AdaCore Development Environment Selected for New Spanish Satellite Project
NEW YORK, PARIS and BRISTOL, October 23, 2014, High Integrity Software Conference, Bristol, UK – AdaCore today announced that its GNAT Pro cross-development environment has been selected by the Polytechnic University of Madrid (Universidad Politécnica de Madrid / UPM), for the UPMSat-2 UNION satellite project’s real-time on-board and ground control software. The 50kg micro-satellite, scheduled to be launched in Q4 2015, will provide a technology demonstration platform for the university from a sun-synchronous orbit nearly 600 km above Earth.
The software component of the project is being led by UPM’s Real-Time Systems and Telematic Services Engineering Research Group (Grupo de Sistemas de Tiempo Real e Ingeniería de Servicios Telemáticos / STRAST), with coding and testing scheduled to be completed by the end of 2014. The development environment is GNAT Pro for 32-bit Linux, targeted to the LEON3 processor.
UPM STRAST selected Ada for its combination of high reliability, speed of development, and ease of verification and validation. The team has extensive experience using Ada on previous high-integrity embedded system projects, and has collaborated with AdaCore on a number of these.
The STRAST team is using the GNAT technology to program the control software of the satellite’s on-board LEON3 processor, which is expected to reach 20,000 lines of code. UPM STRAST is using its own Open Ravenscar Real-Time Kernel (ORK), along with the Ada code generator from the TASTE toolset (The ASSERT Set of Tools for Engineering). AdaCore verification and validation tools will be used to ensure code integrity, using an approach based on the ECCS-ST-E40 standard.
"Controlling a satellite’s operation requires software that meets the highest levels of reliability and integrity,” said Professor Juan Antonio de la Puente, Universidad Politécnica de Madrid. “Ada was the obvious choice, and the combination of GNAT Pro and model-based code generation has proved to be a very fast way of developing reliable software for this project. UPMSat-2 provides the perfect platform for our students to develop their skills, and for STRAST to demonstrate its capabilities in real-time embedded systems to potential commercial partners.”
The UPMSat-2 hardware platform’s on-board computer is an ACTEL FPGA board developed by TECNOBIT, with UPM responsible for synthesizing the System On Chip (SOC) from the Gaisler GRLIB IP Library for LEON3 processors.
“We have collaborated with the team at UPM STRAST for 20 years across a number of projects,” said Cyrille Comar, AdaCore Managing Director. “This ambitious satellite project demonstrates all the advantages of Ada as a language, requiring reliable, real-time software that will need to operate in the toughest conditions. We look forward to the successful completion of the satellite and its launch in 2015.”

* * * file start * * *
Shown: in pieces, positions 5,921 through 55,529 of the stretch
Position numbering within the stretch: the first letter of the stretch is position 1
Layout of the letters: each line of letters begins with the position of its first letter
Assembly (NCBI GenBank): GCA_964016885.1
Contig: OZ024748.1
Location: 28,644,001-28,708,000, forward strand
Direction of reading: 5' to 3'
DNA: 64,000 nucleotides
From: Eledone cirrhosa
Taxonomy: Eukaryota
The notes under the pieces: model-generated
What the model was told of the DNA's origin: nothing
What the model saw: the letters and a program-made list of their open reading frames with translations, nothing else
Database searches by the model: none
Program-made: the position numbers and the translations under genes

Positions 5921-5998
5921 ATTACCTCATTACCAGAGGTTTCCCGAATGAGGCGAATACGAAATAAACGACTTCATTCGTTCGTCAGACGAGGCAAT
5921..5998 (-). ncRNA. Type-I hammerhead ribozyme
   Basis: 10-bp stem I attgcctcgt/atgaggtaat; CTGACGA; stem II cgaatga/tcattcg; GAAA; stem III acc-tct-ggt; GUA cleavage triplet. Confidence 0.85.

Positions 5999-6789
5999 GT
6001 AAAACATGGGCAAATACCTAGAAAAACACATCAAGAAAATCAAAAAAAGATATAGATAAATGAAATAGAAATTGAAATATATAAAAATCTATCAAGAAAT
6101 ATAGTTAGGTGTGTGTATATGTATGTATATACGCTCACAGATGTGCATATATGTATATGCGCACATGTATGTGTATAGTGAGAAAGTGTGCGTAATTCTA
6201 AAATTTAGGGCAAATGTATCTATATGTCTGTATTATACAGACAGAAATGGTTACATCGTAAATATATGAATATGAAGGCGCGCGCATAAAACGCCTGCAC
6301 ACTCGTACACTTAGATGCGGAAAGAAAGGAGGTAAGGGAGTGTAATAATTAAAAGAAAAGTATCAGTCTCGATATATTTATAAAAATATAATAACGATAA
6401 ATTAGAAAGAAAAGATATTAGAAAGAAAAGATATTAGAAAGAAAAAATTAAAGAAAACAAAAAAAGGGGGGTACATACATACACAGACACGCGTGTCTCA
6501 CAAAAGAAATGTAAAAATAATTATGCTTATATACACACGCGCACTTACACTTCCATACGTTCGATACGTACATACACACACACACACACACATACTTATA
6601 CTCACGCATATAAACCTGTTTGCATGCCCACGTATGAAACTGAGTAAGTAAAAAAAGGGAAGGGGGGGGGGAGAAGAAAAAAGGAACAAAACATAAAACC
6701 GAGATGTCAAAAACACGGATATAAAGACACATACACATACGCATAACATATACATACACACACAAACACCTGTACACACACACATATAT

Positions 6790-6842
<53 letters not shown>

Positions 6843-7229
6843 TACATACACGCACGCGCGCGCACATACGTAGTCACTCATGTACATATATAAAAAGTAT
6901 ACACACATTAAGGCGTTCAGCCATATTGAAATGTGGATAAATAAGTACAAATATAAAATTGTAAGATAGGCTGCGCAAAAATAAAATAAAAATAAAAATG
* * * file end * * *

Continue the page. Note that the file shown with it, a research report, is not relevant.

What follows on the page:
Founded in 1994, AdaCore is the leading provider of commercial software solutions for Ada, a state-of-the-art programming language designed for large, long-lived applications where safety, security, and reliability are critical. AdaCore's flagship product is the open source GNAT Pro development environment, which comes with expert on-line support and is available on more platforms than any other Ada technology. AdaCore has an extensive world-wide customer base; see www.adacore.com/customers/ for further information.
Ada and GNAT Pro see a growing usage in high-integrity and safety-certified applications, including space-based systems, commercial aircraft avionics, military systems, air traffic management/control, rail systems, and medical devices, and in security-sensitive domains, such as financial services. The SPARK Pro toolset, available from AdaCore, is especially useful in such contexts.
AdaCore has North American headquarters in New York and European headquarters in Paris. www.adacore.com
Universidad Politécnica de Madrid (UPM) is the oldest and largest of the Spanish Technical Universities. UPM currently has more than 3000 faculty members, around 38,000 undergraduate students, and around 6,000 postgraduate students. UPM’s schools cover most engineering disciplines, including aeronautical, agronomical, chemical, civil, electrical, electronic, forestry, industrial, mechanical, mining, nuclear, and naval engineering, as well as architecture, computer science, and geodesy & cartography.
The Real-Time Systems and Telematic Services Engineering Research Group (STRAST) is focused on research and teaching in the area of real-time and high-integrity systems, as well as new generation telematics services on mobile devices.
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